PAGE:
By Natalie Montanaro
Looking for tips on what to see in the historic seaside city of Lisbon? If you have even just one day, Lisbon delivers with stunning architecture and charming streets, great shopping, friendly people, and amazing views by the water. Past meets present in the most subtle of ways and the city definitely does not have that touristy feel as with some other popular European cities.
Lisbon has a rich past and relaxing vibe that will urge you to return. The weather is comfortably warm for most of the year, with a bit of rain in the slightly cooler, but not freezing, winter months.
If you can visit in springtime, confetti colours of flowers and fragrant almond blossoms abound, with crowds not as heavy as in summer. Lisboa Cards (24- to 72-hour passes) providing perks for shopping, museums, dining, and free transportation are available at the airport or online. See https://www.lisboacard.org/ for details.
A decades-old Tram 28 runs up and over the steep grades in the city, chugging along at a comfortable pace on the best route to see castles, parks, and various neighbourhoods along the way. Lisbon has its share of picturesque alleyways and decorative building façades that make for pleasantly scenic walkabouts. Here are some of the highlights that will whet your appetite for more when travelling to Portugal’s prized capitol.
The Lisboa Story Centre
Make this your first stop since the museum collection with narrated tour outlines the beginnings of this port city, its seafaring and trade history, the influences of religion and politics, tragedies and triumphs, (including the devastation and consequences of the 1755 earthquake) through to modern day. The exhibits are informative and interesting, including a special section on the Age of Exploration. Admission is free with the purchase of the Lisboa Card mentioned above.
Elevador De Santa Justa (Carmo Lift)
Designed by Raoul Mesnier de Ponsard (also the engineer of the three still functional funiculars here and a Gustave Eiffel admirer), the Santa Justa lift is one of the best places in Lisbon for an engaging 360-degree view of the rooftops and sea below.
The cast-iron structure, in Neo-Gothic style resembling a massive erector set, towers above the centre of Lisbon at the end of Rua de Santa Justa above Carmo Square. Take the vintage lift most of the way up, then climb the spiral staircase to the rooftop. The fee for admission is nominal at only 5.15 Euro for a return trip ticket.
By The Seaside
Reminisce about Vasco da Gama, Ferdinand Magellan, Bartolomeu Dias, and Pedro Alvares Cabral while strolling the lengthy and spacious waterfront, taking a guided boat along the coastline from the nearby dock, or just sipping a sweet and robust glass of port (Portugal’s gift to the world of wine) at a seaside cafe.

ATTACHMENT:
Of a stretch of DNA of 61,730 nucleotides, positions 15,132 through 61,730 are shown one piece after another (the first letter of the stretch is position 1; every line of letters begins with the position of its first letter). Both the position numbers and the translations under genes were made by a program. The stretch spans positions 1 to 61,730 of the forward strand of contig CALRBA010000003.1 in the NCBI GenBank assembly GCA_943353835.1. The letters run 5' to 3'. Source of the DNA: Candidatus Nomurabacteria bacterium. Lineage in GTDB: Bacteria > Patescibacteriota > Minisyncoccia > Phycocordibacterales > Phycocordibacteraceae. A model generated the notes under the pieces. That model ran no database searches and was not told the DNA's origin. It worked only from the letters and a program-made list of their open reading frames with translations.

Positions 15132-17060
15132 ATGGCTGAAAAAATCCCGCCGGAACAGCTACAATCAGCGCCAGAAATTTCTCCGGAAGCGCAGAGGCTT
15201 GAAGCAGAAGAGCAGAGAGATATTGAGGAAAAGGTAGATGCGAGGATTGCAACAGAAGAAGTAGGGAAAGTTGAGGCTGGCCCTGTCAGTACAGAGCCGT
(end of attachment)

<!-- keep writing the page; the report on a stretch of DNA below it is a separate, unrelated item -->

Check out the stone artists whose painted rocks form animistic figures that grace the shoreline, changing shape on any given day. Watch the boats go by as the vast calm of the waters beckons you to think about a bygone era, teaming with trade, frequented by the elite, where emerging science and traditional values brought Lisbon its fame.
Portuguese Palate Pleasers
Delectable port wine from Porto is not the only memorable taste in Lisbon. Portugal’s waters provide the tastiest sardines on the planet, and you can buy all sorts of varieties of these tiny tinned fish dressed in sauces unique to Portugal’s early spice trade.
Wash them down with a craft beer in one of 100 blends made in Lisbon at the Museu de Cerveja, which also serves a variety of local dishes, including Bolinhos de Bacalhau (salt cod cakes) in a trendy/chic atmosphere.
Later in the day, head down to Paul—opened in the 19th Century and still one of the busiest cafes around—for its quality of desserts and oven-baked breads. Sit outdoors in the open square and order the sweetest of traditional pastries to accompany your coffee or tea, including Pastel de Nata, syrupy rum bites and a thick slice of egg-rich honey and spice cake.
Shopping And So Much More
Lisbon doesn’t disappoint with its cultural flavour, high hilltops, and sea views. In Lisbon, they are still preserving many old-world Portuguese traditions. Craft items, linens, and handmade artisan items are plentiful as well as all sorts of locally made foods.
It’s not a place to go to just once, as there are so many museums, galleries, markets, and seasonal events to experience, but sample this beginner’s list of sites in Lisbon to prime you for your next trip, and remind you of why this Portuguese treasure is a world-class destination with nice surprises to enjoy on every corner.